Although a corporate custodian is not entitled to resist a subpoena on the ground that his act of production will be personally incriminating, we do think certain consequences flow from the fact that the custodian's act of production is one in his representative rather than personal capacity. Because the custodian acts as a representative, the act is deemed one of the corporation and not the individual. Therefore, the Government concedes, as it must, that it may make no evidentiary use of the "individual act" against the individual. For example, in a criminal prosecution against the custodian, the Government may not introduce into evidence before the jury the fact that the subpoena was served upon and the corporation's documents were delivered by one particular individual, the custodian. The Government has the right, however, to use the corporation's act of production against the custodian. The Government may offer testimony—for example, from the process server who delivered the subpoena and from the individual who received the records—establishing that the corporation produced the records subpoenaed. The jury may draw from the corporation's act of production the conclusion that the records in question are authentic corporate records, which the corporation possessed, and which it produced in response to the subpoena. And if the defendant held a prominent position within the corporation that produced the records, the jury may, just as it would had someone else produced the documents, reasonably infer that he had possession of the documents or knowledge of their contents. Because the jury is not told that the defendant produced the records, any nexus between the defendant and the documents results solely from the corporation's act of production and other evidence in the case.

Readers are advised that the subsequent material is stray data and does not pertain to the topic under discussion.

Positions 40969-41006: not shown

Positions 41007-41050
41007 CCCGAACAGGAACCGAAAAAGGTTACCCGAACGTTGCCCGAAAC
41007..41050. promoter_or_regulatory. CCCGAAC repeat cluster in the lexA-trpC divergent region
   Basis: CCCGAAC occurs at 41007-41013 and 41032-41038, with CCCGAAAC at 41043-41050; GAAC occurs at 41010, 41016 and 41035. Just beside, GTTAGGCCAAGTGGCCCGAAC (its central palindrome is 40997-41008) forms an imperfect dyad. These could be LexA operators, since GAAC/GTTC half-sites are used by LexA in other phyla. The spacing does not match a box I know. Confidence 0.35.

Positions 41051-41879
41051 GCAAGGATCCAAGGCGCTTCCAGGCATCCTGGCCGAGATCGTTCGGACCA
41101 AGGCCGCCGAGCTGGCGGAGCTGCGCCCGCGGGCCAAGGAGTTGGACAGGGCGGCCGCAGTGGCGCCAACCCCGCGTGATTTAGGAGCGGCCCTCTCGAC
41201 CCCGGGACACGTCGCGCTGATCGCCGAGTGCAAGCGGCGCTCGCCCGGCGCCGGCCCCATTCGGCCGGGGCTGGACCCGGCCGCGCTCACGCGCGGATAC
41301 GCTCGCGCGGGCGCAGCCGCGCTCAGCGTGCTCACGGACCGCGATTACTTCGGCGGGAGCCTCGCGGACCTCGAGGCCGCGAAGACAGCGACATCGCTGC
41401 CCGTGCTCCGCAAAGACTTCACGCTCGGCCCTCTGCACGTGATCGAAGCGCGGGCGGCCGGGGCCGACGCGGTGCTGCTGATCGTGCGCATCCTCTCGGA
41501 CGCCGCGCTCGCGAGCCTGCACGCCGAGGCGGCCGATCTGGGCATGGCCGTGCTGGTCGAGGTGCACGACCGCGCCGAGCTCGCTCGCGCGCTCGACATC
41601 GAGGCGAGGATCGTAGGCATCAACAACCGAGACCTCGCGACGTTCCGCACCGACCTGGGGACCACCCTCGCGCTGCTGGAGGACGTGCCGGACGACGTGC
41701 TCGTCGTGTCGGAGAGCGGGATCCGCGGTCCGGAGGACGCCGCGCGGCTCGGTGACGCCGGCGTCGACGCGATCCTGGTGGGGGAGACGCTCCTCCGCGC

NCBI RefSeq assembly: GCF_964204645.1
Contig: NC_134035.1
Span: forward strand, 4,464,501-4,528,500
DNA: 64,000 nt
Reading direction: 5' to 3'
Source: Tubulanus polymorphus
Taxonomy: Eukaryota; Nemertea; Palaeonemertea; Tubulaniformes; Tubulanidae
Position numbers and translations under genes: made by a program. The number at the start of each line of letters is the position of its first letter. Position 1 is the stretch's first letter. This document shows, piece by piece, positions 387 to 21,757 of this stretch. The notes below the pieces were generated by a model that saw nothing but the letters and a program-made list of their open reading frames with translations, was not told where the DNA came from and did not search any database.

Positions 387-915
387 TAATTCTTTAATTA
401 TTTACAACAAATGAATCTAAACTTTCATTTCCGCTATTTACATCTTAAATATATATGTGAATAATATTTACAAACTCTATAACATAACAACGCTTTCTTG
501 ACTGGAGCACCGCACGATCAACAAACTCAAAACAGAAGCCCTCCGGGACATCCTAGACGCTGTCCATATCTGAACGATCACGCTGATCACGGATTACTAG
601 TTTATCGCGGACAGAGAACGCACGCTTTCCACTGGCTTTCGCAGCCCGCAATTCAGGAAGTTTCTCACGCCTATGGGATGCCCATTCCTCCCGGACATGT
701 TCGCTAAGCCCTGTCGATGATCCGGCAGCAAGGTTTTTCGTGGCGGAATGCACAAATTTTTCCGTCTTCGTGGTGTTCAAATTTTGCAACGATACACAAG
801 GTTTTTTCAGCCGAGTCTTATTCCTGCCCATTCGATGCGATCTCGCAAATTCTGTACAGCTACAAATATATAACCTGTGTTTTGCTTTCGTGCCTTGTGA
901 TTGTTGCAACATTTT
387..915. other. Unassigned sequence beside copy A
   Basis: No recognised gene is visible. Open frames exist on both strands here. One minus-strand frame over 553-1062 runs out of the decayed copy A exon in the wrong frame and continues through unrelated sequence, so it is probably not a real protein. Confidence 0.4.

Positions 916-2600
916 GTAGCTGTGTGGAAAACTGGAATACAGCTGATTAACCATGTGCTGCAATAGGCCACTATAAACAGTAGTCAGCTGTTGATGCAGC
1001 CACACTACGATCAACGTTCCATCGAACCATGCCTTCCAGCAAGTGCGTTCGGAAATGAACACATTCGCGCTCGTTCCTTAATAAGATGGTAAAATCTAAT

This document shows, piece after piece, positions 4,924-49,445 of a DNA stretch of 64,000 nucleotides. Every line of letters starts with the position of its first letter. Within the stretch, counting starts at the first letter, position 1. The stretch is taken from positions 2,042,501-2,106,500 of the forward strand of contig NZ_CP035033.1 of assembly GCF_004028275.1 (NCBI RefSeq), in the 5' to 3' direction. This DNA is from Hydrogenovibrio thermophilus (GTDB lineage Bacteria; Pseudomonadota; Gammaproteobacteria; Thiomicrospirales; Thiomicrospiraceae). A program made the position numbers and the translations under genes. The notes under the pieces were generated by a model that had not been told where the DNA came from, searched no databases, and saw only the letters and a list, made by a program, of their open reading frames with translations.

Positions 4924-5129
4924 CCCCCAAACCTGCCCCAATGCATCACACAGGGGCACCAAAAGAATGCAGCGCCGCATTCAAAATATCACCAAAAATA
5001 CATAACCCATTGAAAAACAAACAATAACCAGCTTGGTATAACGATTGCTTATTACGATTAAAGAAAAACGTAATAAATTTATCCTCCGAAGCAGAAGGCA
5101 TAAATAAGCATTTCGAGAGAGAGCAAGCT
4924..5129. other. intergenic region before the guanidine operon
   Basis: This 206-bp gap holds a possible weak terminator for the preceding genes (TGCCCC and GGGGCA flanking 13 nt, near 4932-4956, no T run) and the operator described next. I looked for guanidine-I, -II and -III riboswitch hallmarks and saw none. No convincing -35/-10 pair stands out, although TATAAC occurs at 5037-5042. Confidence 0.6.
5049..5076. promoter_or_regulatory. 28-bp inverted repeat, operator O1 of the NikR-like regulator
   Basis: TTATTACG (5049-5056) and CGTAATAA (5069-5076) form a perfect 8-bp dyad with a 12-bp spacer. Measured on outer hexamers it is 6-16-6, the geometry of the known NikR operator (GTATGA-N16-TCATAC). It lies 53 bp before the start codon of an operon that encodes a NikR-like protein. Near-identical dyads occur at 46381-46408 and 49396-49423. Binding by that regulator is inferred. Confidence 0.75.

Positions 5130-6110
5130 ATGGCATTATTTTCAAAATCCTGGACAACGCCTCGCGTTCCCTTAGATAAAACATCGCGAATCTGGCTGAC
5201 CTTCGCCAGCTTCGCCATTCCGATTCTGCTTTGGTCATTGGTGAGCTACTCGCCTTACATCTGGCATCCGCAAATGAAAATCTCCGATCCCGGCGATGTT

Id. at 117-18 (footnote omitted). 
* * * * 
3. Analysis 
Stegman argues on appeal that "[t]he prosecutor . . . violated Braswell by asking [the] witness to agree 'that those are Ms. Stegman's ledgers that she controlled.'" Aplt. Br. at 14 (quoting Aplt. App. at 3062-64). In other words, Stegman argues, "[t]he prosecutor blatantly attributed the records to [her], not the corporation." Id. at 33 (emphasis in original). Stegman in turn argues that "[b]ecause inter alia the Government used these ledgers to advance its allegation that [she] used whiteout before disclosing documents to the IRS, the Government cannot prove that this was harmless beyond a reasonable doubt." Id. at 14. 
Contrary to Stegman's assertions, however, we conclude that the prosecutor's questions did not violate Braswell. Specifically, the prosecutor did not ask the witness whether Stegman was the one who the compulsory summons was served upon or the one who delivered the requested ledgers to the government. Rather, the prosecutor asked the witness only who owned or controlled the ledgers and the witness testified simply that he assumed the ledgers belonged to Stegman. Thus, the questions did not violate the prohibition outlined in Braswell. It is also worth noting, as the district court did in overruling Stegman's contemporaneous objection, that nothing about the questions or the response was particularly significant, given the other evidence that was presented at trial establishing that Stegman was in complete control of Midwest and had prepared the ledgers at issue. 
In sum, then, we conclude that the prosecutor's questions and the witness's response did not violate Stegman's Fifth Amendment privilege against self-incrimination.